Train strikes 2022: When will rail workers walk out and how will it affect passengers at Northampton, Corby, Kettering and Wellingborough

RMT and ASLEF announce dates for fresh 24-hour action in dispute over pay and conditions

Friday, 15th July 2022, 9:06 am

Train passengers across Northamptonshire are having to replan some summer journeys after rail unions confirmed more strike dates.

Rail, Maritime and Transport union members working for London Northwestern Railway and East Midlands Railway will walk out on July 27, August 18 and August 20 in a repeat of three days of action in June.

Another 24-hour walkout on July 30 by drivers working for West Midlands Trains, which operates London Northwestern Railway services, is likely to mean a complete shutdown.

Strikes by rail unions will impact passengers on east Midlands Railway and London Northwestern Railway services through Northamptonshire

RMT action by 40,000 members nationwide last month left train operators running skeleton services only between 7.30am and 6.30pm and had a knock-on effect on timetables the following day.

RMT general secretary Mick Lynch said: “The rail industry and the Government need to understand that this dispute will not simply vanish.

“They need to get serious about providing an offer on pay which helps deal with the cost-of-living crisis, job security for our members and provides good conditions at work.

“Recent proposals from Network Rail fell well short on pay and on safety around maintenance work.

“Now Grant Shapps has abandoned his forlorn hopes for the job of Prime Minister, he can now get back to his day job and help sort this mess out.”

Network Rail chief executive Andrew Haines said: “It is incredibly frustrating the RMT has again chosen to disrupt our passengers, and even more so that they haven’t even put what was a fair and affordable two-year pay offer to their members.

"It is also deeply worrying that these strikes have clearly been designed to disrupt spectators heading to the opening of the Commonwealth Games in Birmingham on July 28, an event of huge national significance.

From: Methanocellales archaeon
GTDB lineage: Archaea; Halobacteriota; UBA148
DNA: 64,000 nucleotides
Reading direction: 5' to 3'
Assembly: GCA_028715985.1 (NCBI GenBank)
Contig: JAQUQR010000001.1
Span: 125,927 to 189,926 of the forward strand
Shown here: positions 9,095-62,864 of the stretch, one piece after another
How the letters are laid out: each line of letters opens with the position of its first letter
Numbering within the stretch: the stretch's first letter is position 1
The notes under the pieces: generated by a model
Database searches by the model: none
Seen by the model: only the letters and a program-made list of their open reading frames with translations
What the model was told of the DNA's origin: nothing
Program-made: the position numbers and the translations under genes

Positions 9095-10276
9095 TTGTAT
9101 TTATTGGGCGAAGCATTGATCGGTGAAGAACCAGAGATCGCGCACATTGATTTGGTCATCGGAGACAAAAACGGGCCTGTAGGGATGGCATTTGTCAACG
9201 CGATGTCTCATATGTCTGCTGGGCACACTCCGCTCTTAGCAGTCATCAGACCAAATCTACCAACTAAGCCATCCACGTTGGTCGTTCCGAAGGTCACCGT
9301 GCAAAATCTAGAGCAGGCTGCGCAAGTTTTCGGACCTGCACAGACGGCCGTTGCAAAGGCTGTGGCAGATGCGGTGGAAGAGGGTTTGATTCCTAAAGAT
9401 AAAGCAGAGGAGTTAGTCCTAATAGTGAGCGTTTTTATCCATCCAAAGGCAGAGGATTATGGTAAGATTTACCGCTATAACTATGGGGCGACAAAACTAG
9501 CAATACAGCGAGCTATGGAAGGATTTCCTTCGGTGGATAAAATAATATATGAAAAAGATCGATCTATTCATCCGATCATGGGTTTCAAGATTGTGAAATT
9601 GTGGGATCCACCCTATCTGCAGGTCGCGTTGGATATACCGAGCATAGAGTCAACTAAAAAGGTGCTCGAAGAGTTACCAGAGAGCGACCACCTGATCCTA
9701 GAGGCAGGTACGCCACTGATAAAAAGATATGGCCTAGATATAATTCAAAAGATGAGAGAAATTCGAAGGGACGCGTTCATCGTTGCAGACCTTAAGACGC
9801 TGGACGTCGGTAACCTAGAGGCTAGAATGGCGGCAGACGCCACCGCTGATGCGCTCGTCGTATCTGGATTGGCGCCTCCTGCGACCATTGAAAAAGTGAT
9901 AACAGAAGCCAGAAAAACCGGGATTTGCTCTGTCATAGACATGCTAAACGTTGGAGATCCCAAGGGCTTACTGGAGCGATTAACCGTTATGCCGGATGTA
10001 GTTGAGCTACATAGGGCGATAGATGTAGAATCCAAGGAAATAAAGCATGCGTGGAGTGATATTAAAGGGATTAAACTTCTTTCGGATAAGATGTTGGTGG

“We have been clear that we can only fund an increase from our own budgets, and the only way we can afford that is by modernising working practices.

”The RMT’s rejection of our latest offer can only mean they want a pay increase to be funded either by more taxpayer support or higher passenger fares, neither of which we think are fair.”

ASLEF’s strike on July 30 involves drivers on eight train companies — including London Northwestern, which runs services between London, Northampton and the North West — and coincides with the Commonwealth Games in Birmingham and the opening day of the English Football League season.

Leaders announced the walkout after rejecting a new offer from Network Rail which they described as “paltry”.

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The offer was for a four percent pay rise backdated to January, another two percent next year and a further two percent conditional on achieving “modernisation milestones”.

ASLEF general secretary Mick Whelan said: “These companies are offering us nothing, saying their hands have been tied by the government and that means, in real terms, with inflation running ahead at nine, ten and even 11 percent this year, according to which index you use, that they are being told to take a real-terms pay cut, and that is not acceptable.”

East Midlands Railway services from Corby, Kettering and Wellingborough will not be affected by the ASLEF action.